New module formats and packaging challenges in distribution

The global photovoltaic market has grown considerably in recent years. In concrete terms, this can already be seen in the preliminary product, the silicon wafer. Here, the expansion of production capacities in 2021 increased by an impressive 64 %. It is also evident that the supply is more diversified. Good profit margins have brought new market participants and driven both small and large companies to expand. Our module partners LONGI SOLAR at No. 1 and JINKO SOLAR at No. 3 among the world’s largest wafer manufacturers, together with Zhonghuan (No. 2) dominate global wafer capacity with more than 80%. Vertically integrated module manufacturers have also significantly increased their internal supply capacities. Thus, another 134 gigawatts of capacity could likely be added in 2022.

The different wafer sizes at a glance.

The market is moving in a specific direction. In 2021, the M6 (166 mm) wafer format was still the dominant size. In the coming months, the new GW cell productions based on n-type materials, primarily the “TOPCon solar cells”, will be produced on the wafer size M10 (182 mm) as the new standard variant. For the residential sector, the 54-cell half-cell format (i.e. 108 cut half-cells per module) must be added for the installation location Germany in order to get below the 2 m² glass cover area.

Source: ITRPV March 2022, 13 Edition

According to our technical assessment, the previous classic 60-cell variant in M6 format could disappear from the market even faster, contrary to current plans and publications. The first GW productions have already been completely converted to M10 in Q2. Taking into account the further expansion rates in the M10 format, in our opinion everything currently speaks in favour of the M10 variant completely replacing the previous M6 variant by the end of the year. According to external estimates, the already planned reductions of the M6 cells will at least be significantly reduced by another 20 – 30 percent, as in the recently published 13th edition of the International Roadmap for Photovoltaics, or ITRPV for short.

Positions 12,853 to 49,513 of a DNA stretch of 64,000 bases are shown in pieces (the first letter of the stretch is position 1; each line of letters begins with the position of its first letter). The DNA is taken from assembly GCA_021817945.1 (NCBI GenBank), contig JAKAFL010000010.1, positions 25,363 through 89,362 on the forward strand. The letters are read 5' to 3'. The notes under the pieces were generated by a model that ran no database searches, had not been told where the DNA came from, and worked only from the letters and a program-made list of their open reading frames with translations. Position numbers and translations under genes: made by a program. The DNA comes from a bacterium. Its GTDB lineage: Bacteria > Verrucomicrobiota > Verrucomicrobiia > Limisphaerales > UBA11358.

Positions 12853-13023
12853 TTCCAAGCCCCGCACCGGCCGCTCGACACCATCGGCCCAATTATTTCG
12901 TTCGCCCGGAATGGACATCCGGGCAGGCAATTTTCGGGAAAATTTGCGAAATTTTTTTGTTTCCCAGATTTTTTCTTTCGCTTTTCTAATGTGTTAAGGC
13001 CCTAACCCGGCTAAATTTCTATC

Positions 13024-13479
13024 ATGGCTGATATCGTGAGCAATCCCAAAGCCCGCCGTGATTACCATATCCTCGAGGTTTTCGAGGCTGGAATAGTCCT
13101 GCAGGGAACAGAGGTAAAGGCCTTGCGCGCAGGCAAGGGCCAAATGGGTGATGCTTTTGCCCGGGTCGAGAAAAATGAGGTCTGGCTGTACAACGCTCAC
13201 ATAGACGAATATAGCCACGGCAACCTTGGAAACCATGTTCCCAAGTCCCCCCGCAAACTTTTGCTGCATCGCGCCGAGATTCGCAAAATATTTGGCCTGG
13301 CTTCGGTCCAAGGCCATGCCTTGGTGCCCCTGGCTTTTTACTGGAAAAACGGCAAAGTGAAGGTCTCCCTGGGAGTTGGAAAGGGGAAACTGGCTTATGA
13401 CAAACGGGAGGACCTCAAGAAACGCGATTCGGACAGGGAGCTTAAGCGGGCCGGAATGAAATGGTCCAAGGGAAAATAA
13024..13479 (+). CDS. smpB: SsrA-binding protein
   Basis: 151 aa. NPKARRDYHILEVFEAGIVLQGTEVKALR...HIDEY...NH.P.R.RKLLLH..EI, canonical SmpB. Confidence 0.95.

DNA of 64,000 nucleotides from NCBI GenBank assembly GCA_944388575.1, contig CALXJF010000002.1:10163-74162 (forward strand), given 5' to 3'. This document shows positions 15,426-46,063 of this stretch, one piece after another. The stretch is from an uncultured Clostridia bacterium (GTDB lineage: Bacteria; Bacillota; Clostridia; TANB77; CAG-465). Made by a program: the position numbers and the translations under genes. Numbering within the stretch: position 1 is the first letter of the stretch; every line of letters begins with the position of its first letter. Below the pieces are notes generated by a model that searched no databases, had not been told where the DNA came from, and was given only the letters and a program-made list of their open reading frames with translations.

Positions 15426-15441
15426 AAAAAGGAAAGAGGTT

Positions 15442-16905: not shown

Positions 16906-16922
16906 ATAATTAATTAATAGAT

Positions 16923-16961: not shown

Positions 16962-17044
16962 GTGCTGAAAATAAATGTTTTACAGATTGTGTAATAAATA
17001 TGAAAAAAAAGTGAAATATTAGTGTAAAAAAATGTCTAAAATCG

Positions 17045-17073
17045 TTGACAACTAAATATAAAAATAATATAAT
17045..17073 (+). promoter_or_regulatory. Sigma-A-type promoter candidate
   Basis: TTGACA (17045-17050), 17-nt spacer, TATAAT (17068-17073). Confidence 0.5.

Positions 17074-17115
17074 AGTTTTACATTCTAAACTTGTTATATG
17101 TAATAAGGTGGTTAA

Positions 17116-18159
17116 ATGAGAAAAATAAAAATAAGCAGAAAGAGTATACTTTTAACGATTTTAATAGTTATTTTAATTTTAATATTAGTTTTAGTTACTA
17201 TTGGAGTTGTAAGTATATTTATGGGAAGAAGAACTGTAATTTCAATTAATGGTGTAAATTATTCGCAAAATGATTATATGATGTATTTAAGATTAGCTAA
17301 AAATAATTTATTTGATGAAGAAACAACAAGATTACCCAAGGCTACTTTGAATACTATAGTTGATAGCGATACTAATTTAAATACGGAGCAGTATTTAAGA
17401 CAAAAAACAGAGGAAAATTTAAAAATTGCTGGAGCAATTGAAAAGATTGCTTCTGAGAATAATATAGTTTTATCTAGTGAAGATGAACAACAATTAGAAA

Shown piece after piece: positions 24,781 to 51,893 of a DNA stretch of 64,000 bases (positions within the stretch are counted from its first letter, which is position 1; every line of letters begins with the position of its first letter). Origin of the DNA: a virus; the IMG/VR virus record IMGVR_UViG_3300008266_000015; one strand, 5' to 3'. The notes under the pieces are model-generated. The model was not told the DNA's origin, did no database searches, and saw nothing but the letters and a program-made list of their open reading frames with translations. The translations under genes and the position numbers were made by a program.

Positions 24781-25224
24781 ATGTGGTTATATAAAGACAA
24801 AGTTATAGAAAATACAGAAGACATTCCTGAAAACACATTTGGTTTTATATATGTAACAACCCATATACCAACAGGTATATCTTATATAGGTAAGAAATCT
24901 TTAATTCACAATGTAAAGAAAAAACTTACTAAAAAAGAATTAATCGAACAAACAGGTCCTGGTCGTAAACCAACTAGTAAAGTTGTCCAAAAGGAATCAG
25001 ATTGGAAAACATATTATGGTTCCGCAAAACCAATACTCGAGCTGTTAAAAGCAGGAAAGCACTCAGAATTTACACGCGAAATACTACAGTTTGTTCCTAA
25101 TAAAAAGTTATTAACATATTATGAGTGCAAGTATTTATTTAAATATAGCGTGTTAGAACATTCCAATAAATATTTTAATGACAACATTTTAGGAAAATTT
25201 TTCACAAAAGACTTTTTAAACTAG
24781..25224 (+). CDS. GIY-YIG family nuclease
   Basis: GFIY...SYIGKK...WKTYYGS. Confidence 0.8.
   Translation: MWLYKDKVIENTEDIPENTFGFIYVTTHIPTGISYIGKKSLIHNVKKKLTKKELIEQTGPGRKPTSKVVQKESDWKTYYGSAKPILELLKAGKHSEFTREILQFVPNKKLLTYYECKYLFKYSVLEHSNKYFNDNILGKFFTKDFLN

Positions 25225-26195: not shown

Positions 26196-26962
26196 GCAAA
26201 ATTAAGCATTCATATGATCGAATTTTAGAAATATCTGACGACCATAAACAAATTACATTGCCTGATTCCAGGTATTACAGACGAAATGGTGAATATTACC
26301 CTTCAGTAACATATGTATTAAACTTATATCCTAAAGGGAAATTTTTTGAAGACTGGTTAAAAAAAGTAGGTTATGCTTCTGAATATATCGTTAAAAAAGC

The module output of currently 370-380 Wp for M6 PERC will thus increase to 400-410 Wp in M10 wafer format. Through even more efficient cell concepts on an n-type basis, such as the TOPCon solar cells mentioned in 2021, the output may even increase to 420 Wp this year. At first glance, this is a positive development, because as we know, all market participants are happy about increasing efficiencies. What we will also see here, however, is a limitation in the trafficability of the module pallets and certain challenges with the module cardboard boxes in the distribution business due to the inclusion of the M10 wafers.

An insight into the module packaging.

Challenges in the packaging area

At least the accessibility of the module pallets can no longer be realised with the classic hand pallet trucks due to reduced box heights of around 70 mm. At least 90 mm are required here. Due to the specified maximum entry height of 2585 mm for the 40’HQ containers, a corresponding reduction in the pallet height must therefore be made for vertical module transport. This limitation in turn ensures that only a certain stack height can be maintained. The influence on the module packaging specification is therefore enormous and, with 57 mm of air space, allows only little room for manoeuvre. The width of the packs also increases by more than 10 cm to a total of around 1149 mm. Thus, in view of the new module dimensions, a pallet can only be 115 mm high at most (currently and with the M6 wafers it is 140 mm). This pallet height in turn means that the block height is now only 70 mm, which is well below the required 90 mm.

In the end, lateral access with hand pallet trucks will no longer be possible with the larger module dimensions due to the M10 wafers, regardless of the manufacturer. The closed module boxes that are still available, at least at IBC SOLAR AG, as with the OS9-HC series, will most likely no longer be feasible in this form due to the new formats. However, there is some room for optimisation and corresponding possibilities. For example, we at IBC SOLAR are already working on a solution that ensures the stability and manageability necessary for distribution.

2 thoughts on “New module formats and packaging challenges in distribution”

  1. Hello, could you maybe specify what exactly you mean by that? Thank you and kind regards, IBC SOLAR

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